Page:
Finding a voice, a community and a band at Open Mic

In late October, it always seems as though the days shrink just as the to do lists grow longer. Sleep is about as hard to spot as the evasive sun and no one seems to be anymore relaxed after reading week. Stressed, sleep-deprived students stalk campus grounds in a daze. 

But step into the campus pub, the Ram in the Rye, on a Wednesday night and all that fades away. It’s boisterous and loud, packed with people looking to ignore their workload and partake in medicinal laughter: Wednesday nights are for Open Mic, a place where beginner, intermediate or advanced musicians can play, rap or sing freely. 

Students drag chairs from the back of the pub so they can sit with their group of friends and drinks have started clinking. Cheers to hump day, to completing assignments, for the right to vote, to being young, to the beginning of scorpio season! An organizer of the event, Michael Kang, steps up to the mic to explain that they are having some technical difficulties and the show will start later than expected. A chorus of groans ensues, but he does not take it personally — here, he is among friends.

The majority of the audience is either a part of, or friends of, Musicians at Ryerson, the group that also happens to be the organizers of the event each week. According to the RSU website, Musicians@Ryerson is Ryerson’s “unofficial music faculty, open to musicians and music lovers alike. Whether you’re an instrumentalist, vocalist or even a DJ, Musicians@Ryerson has an event tailored to you. Our goals are to create a network for musicians on campus to meet form bands and discuss anything related.” 

At 8:15 p.m, after some minutes of delays, and some inconspicuous fiddling with the mixer behind the counter, Open Mic begins. 

The first performer of the night is Sarah Tomlinson, a first-year journalism student on the keyboard. She played two originals, and had a surprisingly bold voice for a girl who is so small.  She says she tries to get to Open Mic every week, hoping it will help connect her with others in her community this year. 

“I’m a first-year student and open mic is a space where I can go to meet people that go to Ryerson that also like music,” she said.  “In my program I can talk to people about that part of life that I like but open mic is where I can talk about music.” 

In many ways, that is what Open Mic night has become: a cross-faculty cluster of students connecting over shared interests. Milena Oliva, the performance coordinator for Musicians@Ryerson, says that’s what she hoped open mic to be.  

“I want it to be a space where anyone can be comfortable to say hello or to share whatever they have on their mind,” she said. “You can’t really do that with assignments [in class] but here is an actual space where you can do that.” 

Oliva also explains how the space is different than other open mics or performance opportunities for young musicians around the city. 

“When you come to open mic, you always know that there will be that supportive cushion,” she said. “Even if you are one key or one beat off, it you are too slow or too fast, everyone is still there just to watch you do your best.”

Dustin Veter, a first-time performer at Open Mic, felt that welcoming environment. Although Veter and his friends come to the Ram every Wednesday, it wasn’t until tonight when he learned, you did not have to sign up to perform beforehand. After realizing he could just put his name on the list, he performed a fast paced acoustic song on the guitar as his friends sat with their mouths agape, eyes wide with surprise at his clean notes and melodic voice. He “just sort of went for it ” he told me, with a grin on his face, as his friends patted him on the back.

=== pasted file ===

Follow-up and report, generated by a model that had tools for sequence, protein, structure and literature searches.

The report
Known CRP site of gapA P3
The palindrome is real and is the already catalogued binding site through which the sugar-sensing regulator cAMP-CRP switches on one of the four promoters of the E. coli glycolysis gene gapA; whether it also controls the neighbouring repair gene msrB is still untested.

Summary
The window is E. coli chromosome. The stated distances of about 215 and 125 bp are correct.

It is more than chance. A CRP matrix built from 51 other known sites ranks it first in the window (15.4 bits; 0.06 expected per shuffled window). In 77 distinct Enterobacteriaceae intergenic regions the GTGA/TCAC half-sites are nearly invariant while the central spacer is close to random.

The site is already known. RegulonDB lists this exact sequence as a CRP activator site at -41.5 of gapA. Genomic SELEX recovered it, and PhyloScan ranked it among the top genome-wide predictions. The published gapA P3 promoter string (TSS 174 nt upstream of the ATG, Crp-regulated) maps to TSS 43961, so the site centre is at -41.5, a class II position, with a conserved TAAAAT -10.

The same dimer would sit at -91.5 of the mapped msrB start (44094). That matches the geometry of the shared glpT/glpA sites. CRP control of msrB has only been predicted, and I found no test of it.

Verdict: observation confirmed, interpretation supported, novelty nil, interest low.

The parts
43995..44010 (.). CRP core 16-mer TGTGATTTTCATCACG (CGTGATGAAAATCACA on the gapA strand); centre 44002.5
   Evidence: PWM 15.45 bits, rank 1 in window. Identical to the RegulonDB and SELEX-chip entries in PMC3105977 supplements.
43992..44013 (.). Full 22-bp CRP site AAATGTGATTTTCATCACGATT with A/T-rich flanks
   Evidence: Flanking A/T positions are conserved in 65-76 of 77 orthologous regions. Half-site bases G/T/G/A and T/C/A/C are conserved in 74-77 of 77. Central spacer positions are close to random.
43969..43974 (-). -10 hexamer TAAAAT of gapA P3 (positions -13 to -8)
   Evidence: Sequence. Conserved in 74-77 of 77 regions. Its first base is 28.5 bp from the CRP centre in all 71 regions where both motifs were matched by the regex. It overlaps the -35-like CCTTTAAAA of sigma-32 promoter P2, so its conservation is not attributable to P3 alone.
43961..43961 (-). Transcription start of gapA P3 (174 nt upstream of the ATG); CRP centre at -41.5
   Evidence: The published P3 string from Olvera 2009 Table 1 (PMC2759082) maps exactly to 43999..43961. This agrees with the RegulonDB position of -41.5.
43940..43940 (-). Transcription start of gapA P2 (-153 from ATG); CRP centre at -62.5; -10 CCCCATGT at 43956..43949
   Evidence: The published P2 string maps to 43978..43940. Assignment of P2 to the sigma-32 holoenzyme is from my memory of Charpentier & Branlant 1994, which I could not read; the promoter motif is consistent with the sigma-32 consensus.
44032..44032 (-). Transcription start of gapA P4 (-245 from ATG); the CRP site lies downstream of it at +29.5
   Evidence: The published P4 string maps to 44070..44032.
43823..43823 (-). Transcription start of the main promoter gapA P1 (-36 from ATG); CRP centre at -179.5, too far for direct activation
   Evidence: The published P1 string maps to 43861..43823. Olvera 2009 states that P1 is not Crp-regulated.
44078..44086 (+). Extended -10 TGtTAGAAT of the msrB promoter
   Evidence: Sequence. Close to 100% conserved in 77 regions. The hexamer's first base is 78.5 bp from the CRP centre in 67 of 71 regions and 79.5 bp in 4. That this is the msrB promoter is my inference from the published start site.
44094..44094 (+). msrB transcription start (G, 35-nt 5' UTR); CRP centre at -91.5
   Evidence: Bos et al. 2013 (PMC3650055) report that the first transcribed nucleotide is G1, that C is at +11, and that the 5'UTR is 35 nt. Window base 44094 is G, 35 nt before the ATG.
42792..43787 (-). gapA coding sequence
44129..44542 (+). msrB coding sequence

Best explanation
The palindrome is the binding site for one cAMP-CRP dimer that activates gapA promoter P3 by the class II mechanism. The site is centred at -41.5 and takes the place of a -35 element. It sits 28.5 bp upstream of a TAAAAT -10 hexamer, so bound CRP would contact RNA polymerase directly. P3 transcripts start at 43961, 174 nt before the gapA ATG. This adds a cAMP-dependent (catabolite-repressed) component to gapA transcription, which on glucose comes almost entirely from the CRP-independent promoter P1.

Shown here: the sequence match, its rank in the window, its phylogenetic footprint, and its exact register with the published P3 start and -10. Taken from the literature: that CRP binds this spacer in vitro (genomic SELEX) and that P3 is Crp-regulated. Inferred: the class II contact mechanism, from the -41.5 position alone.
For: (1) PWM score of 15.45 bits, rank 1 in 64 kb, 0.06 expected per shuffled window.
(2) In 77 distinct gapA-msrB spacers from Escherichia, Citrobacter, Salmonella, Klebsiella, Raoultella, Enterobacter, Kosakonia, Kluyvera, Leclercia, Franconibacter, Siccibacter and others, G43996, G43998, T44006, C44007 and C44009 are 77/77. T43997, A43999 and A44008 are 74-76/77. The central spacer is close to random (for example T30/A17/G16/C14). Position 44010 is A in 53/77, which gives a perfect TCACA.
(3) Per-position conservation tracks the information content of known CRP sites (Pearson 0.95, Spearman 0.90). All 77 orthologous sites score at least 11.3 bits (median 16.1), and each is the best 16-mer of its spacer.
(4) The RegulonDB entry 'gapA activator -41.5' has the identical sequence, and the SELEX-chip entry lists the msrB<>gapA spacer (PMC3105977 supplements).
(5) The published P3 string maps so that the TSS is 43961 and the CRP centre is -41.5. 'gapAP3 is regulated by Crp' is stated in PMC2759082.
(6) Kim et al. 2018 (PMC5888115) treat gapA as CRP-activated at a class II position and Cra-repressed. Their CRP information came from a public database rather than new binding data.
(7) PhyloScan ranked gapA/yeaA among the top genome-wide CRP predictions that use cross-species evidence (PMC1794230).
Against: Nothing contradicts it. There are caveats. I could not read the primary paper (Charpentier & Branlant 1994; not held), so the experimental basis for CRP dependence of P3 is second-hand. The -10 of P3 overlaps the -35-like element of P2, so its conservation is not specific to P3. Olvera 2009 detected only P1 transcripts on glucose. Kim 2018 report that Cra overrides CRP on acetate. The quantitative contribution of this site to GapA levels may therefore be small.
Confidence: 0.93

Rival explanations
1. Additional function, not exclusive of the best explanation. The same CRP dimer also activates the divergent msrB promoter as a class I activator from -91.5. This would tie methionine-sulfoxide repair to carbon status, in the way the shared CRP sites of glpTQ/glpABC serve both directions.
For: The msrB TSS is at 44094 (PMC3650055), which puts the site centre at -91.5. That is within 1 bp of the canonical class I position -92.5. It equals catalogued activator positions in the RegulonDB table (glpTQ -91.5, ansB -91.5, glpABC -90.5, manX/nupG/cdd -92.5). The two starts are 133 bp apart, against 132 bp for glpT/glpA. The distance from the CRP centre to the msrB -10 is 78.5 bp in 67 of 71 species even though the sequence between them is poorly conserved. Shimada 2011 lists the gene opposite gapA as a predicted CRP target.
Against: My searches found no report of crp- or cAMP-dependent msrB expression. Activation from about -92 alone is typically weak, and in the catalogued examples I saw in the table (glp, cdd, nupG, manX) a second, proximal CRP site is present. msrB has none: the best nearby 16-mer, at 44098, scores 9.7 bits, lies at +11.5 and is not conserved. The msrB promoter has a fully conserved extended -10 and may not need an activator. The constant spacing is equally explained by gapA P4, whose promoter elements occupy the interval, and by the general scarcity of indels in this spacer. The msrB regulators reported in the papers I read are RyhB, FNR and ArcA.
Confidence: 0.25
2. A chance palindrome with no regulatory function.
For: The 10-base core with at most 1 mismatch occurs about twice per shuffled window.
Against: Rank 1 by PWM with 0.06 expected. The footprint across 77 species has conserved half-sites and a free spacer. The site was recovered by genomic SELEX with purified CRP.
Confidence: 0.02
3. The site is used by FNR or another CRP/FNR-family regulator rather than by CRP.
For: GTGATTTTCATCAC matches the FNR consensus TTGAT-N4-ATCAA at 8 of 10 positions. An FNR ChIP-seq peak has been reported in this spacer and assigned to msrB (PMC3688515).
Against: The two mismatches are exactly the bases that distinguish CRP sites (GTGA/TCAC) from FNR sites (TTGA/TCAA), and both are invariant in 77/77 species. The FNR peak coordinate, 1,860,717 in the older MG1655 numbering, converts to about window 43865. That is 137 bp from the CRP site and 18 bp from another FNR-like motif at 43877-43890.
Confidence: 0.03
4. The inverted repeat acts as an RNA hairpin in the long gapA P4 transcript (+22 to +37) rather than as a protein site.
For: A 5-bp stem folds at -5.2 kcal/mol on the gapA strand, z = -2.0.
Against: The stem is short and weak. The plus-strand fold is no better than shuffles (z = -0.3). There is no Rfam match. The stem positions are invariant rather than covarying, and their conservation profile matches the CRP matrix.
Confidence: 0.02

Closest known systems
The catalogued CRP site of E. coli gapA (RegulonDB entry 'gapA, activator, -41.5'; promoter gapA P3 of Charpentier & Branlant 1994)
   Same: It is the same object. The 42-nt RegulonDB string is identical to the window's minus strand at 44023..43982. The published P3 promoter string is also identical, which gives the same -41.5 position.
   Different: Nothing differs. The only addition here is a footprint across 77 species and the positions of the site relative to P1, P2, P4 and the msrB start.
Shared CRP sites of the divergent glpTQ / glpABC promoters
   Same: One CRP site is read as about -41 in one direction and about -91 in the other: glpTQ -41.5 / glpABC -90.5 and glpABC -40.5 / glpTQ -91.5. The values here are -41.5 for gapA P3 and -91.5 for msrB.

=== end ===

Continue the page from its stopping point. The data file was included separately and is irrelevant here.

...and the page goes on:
“It was cool, I was pretty nervous, I wasn’t prepared so I just went up and did it,” he said. (He plans to have more material prepared for future pub nights.)

Another part Musicians@Ryerson’s mission statement says they want to give musicians a chance to get to meet other musicians and form bands. Special guests to the open mic this evening, Love Wagon, are a product of that vision. Now an up and coming band who has toured as far as Montreal together, first met at a jam session put on by the Musicians@Ryerson. Four years and a number of concerts later,  they’re trying to make it big as musicians. 

“Open mic created a safe space for us to have fun,” says Max Swiderski, who does guitar and vocals for the band. “We could play live and make mistakes and just jam out for shits and gigs.” 

After the interviewed they played two original songs. They were fast paced, with smooth guitar riffs, saxophone solos and clever, harmonic lyrics that often took a play on words. The audience clapped along, cheered and even sang along with some of the lyrics that they already knew.  

All of the performers who were interviewed said the same thing about performing at Open Mic. It’s  a safe space of expression and the audience is fully supportive of that. But Michael Ozertag, bass player for Love Wagon said it best. 

“These people are not paying to see you,” he said. “They are mostly here to just [perform] themselves so if you can get them to pay attention to you then that’s cool.”

At 11:00 p.m., the debit system crashes at the Ram in the Rye, but here are no yawns in sight and no one seems to be too much in a rush to leave.  Once the debit machine is up and running again, students pay their dues and one step outside into the brisk autumn air, the spell breaks and it’s again just another late Wednesday night in October. 

But at least for now, student leave revived, motivated even to face the week, from a night filled with boisterous laughter and good music. Wednesday nights will always be for Open Mic among friends, in the warmth of the campus pub.